AP PHOTO/JIM MONE
Police departments that have implemented a bodyworn camera program have learned that it takes an enormous amount of money, manpower and resources to make the program successful. While recent events involving use of force and officer-involved shootings have fueled debate across the nation between police and critical citizens; the same conflicts have also upped the ante for police departments, placing pressure on them to adopt body-worn cameras (BWC) into their operations and opening a can of worms with which to be reckoned. Privacy issues, BWC policy, staffing, training and compliance and how to pay for BWC are among the concerns with which police all over North America are grappling.
The Price Tag
The Alexandria, Va. Police Department (APD) is widely known for its technologically advanced approach to policing, but even APD hasn’t implemented its body worn camera program yet. Deputy Chief of Police Eddie Reyes said APD has ironed out its policy issues and surveyed the possible vendors, but even in one of the most affluent cities in America, the principal barrier is cost.
“It’s not as simple as just affording the cameras,” he said. Reyes has estimated it would cost at least $250K a year to keep a BWC program running. “The biggest part is that we would have to get at least one full-time employee approved by city hall, and depending on whether that’s an internal or external hire, that would cost something between $75 and $125 thousand dollars.”
The second part of the cost is storage of the video. The choices are to do it in-house, hire a vendor or put it in the cloud. Reyes said APD is not likely to use a cloud solution, even though it might be the most cost effective, because of security concerns. “The cloud just hasn’t been proven yet. We’re putting very sensitive information on there, stuff that’s always protected from public view. In-house, our stuff is pretty well firewalled; a vendor is pretty well firewalled. If there’s a breach and someone got our videos, some of our cases could be compromised in court.”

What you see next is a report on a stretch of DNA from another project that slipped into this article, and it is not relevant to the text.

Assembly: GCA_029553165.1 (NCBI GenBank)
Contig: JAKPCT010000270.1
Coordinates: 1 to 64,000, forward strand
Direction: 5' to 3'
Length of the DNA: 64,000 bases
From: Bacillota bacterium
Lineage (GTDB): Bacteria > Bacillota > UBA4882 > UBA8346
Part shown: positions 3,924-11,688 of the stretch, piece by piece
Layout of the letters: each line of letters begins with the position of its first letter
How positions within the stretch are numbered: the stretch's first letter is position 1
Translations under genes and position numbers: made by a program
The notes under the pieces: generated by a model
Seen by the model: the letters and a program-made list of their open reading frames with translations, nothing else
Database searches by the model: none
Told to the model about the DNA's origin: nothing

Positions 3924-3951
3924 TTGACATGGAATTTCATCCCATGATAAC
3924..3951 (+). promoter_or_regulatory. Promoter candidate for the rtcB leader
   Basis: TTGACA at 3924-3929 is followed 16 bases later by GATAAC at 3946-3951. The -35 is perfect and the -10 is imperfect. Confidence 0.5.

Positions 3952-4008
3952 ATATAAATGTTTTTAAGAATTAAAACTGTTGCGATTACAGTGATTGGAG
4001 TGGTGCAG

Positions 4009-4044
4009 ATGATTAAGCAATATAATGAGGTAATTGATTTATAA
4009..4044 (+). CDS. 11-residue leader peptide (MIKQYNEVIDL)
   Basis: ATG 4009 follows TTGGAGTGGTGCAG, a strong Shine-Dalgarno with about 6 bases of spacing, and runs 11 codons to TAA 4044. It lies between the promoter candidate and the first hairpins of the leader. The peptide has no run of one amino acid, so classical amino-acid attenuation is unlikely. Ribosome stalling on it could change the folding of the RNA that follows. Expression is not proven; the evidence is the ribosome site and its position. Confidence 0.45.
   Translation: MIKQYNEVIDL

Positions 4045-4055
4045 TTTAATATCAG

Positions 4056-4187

The third piece of the price tag is maintenance. Even the cost of camera batteries can be significant. But it’s more about replacing broken equipment and cycling old cameras out and replacements in.
The APD employs more than 300 officers and each is issued his or her own rugged laptop and the department has 10 spares. Every year, APD replaces one-third of its laptops so that none is older than three years old. “For cameras, that’s an unknown. I don’t know any agency that’s had them longer than three years to be able to tell what the replacement cycle will be yet,’ said Reyes.
The potential to violate a citizen’s right to privacy is a looming issue that is yet not fully understood. Questions that haven’t quite been solved include: what are the best practices if a sexual assault victim asks for the camera to be turned off, or, what if during a domestic dispute there are children present. Some departments’ policies call for never turning the camera off, while many experts are calling for giving officers the authority to use their own discretion during sensitive situations.
Dr. Michael D. White is a professor of criminal justice at Arizona State University. During his testimony before the Presidential Police Task Force in Cincinnati in January, he spoke to the importance of having a strong administrative policy supported with training for officers: “These privacy concerns are real, and officers will need guidance on how to deal with them,” he said. “When police departments develop their policy, they should engage with multiple stakeholders, including victim advocacy groups, to insure that they fully understand the important issues and concerns surrounding the impact of BWCs on victims, children and other vulnerable populations.”